World’s Biggest Eye on the Sky (E-ELT)
photograph by L. Trollope.
Large Telescopes are considered worldwide as one of the highest
priorities in ground-based astronomy. They will vastly advance
astrophysical knowledge, allowing detailed studies of subjects
including planets around other stars, the first objects in the
Universe, super-massive black holes, and the nature and distribution
of the dark matter and dark energy which dominate the Universe”,
said Dr Gerard Gilligan, the Hon. Secretary of Liverpool
Astronomical Society. So it was a privilege to attend the latest
monthly meeting of the society, on April 15, 2011, and to hear a
fascinating talk given by Professor David Walker on this subject.
Professor Walker is poised between industry and education. He is
University of Wales Professor of Optics at Glyndwr University;
Professorial Research Associate, University College of London and
Research Director at Zeeko Ltd.
His subject was his involvement with the development of what will be
the world’s largest telescope to date. Having given us a brief
glimpse of the history of significant past large telescopes, and of
the competitors for the present instrument, he gave his audience a
very interesting insight into the construction of the telescope,
including the complexities of producing the 948 hexagonal mirrors
which will comprise this latest dish, which will operate from the
E-ELT site in the Atacama Desert in Chile. He explained some of the
logistical and technical difficulties which limit the size of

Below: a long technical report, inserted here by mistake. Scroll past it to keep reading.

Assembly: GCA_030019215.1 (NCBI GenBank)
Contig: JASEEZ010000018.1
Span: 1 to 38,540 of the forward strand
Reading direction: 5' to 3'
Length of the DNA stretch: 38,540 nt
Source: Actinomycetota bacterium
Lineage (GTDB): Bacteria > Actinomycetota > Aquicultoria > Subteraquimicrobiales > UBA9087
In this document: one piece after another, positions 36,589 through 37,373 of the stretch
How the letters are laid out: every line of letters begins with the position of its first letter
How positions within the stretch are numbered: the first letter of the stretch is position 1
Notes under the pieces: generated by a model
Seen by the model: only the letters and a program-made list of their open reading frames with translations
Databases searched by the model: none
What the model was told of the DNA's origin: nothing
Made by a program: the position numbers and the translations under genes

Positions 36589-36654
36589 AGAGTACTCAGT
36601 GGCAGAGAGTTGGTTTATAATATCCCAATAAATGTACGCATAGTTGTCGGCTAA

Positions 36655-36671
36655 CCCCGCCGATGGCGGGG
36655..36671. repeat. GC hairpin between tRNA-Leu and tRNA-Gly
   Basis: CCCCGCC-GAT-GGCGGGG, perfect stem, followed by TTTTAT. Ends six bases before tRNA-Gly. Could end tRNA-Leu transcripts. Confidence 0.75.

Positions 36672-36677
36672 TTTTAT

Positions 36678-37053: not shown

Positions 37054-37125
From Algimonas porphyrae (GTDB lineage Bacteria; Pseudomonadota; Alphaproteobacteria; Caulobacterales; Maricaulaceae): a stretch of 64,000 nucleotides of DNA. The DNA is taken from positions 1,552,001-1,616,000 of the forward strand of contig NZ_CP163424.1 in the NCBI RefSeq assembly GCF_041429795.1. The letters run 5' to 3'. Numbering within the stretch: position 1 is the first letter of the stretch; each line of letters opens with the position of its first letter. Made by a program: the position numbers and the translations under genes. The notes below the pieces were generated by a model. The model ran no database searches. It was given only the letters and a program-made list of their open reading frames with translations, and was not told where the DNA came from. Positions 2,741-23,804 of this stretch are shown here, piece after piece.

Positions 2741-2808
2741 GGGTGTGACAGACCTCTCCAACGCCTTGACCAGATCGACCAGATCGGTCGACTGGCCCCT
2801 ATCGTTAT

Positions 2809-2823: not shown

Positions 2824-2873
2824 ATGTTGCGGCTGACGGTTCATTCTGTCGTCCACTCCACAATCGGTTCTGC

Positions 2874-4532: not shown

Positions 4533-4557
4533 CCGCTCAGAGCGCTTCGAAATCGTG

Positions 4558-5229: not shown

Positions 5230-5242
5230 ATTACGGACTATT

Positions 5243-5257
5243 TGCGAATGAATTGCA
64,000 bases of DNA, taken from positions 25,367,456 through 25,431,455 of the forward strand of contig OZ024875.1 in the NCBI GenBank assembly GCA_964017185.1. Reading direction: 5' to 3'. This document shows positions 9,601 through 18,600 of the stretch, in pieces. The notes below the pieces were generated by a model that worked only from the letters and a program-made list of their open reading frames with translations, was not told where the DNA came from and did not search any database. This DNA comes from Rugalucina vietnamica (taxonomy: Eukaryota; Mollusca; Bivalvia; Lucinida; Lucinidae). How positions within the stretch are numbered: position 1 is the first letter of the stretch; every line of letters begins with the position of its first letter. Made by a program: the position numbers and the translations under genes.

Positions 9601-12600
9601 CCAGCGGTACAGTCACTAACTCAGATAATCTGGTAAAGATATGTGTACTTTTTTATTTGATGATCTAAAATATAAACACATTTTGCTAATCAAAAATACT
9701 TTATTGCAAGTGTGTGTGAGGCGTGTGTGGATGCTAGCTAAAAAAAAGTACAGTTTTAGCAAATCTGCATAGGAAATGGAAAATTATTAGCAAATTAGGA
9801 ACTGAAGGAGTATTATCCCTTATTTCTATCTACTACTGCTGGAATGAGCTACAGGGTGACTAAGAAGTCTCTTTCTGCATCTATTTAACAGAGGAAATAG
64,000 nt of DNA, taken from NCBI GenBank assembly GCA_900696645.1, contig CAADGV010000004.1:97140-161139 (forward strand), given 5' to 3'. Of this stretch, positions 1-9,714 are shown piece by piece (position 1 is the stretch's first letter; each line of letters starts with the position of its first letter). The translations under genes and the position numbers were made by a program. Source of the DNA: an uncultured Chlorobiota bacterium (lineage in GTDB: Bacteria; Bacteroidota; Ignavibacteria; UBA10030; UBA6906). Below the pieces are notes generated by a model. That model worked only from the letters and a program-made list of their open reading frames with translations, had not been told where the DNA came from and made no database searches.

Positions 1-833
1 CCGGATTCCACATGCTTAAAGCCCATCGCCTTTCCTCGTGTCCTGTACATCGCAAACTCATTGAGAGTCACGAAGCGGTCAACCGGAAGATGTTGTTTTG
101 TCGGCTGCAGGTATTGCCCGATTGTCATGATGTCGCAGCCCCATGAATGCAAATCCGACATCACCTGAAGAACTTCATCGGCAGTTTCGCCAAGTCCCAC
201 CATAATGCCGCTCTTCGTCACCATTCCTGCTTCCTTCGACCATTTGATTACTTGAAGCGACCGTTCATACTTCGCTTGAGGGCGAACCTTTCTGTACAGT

one-piece mirrors and which necessitate the complex positioning and
alignment of multiple mirrors to work as one in larger instruments.
This will enable the telescope to probe more thoroughly into deeper
space and to provide information to tackle issues such as those
outlined by Mr Gilligan. Later Professor Walker alluded to the oft
asked question as to why spend money on space exploration at a time
of severe financial constraints. His answer was to remind us not
only of the astronomical advances and of the many valuable insights
which are gained but also of the enormous “spin-offs”
which accompany such work, including the challenge of laser fusion
which could probably meet the world’s energy requirements from
seawater. And this would be an answer to a question which cannot be
dodged! Other spinoffs have included the development of hi-tec
polishing machines for the mirrors which have already found
application in medicine and industry.
It was reassuring to hear of Britain at the forefront and the
professor’s enthusiasm for his subject was infectious. His talk
provided an appetiser for non-members present to join the Liverpool
This Society has many functions besides
holding these monthly meetings considering engaging topics.
are public events, held in local parks or educational
establishments, and members meet weekly at Leighton Observatory at Pex Hill, on Wednesday's at 7.30 pm.
In addition members can receive
publications and are entitled to telescope rental. Experts are also
on hand to help those less experienced.
Membership fees are £15 pa
for adults and £5 for juniors (10 to 17 years old).
For more information; click on:-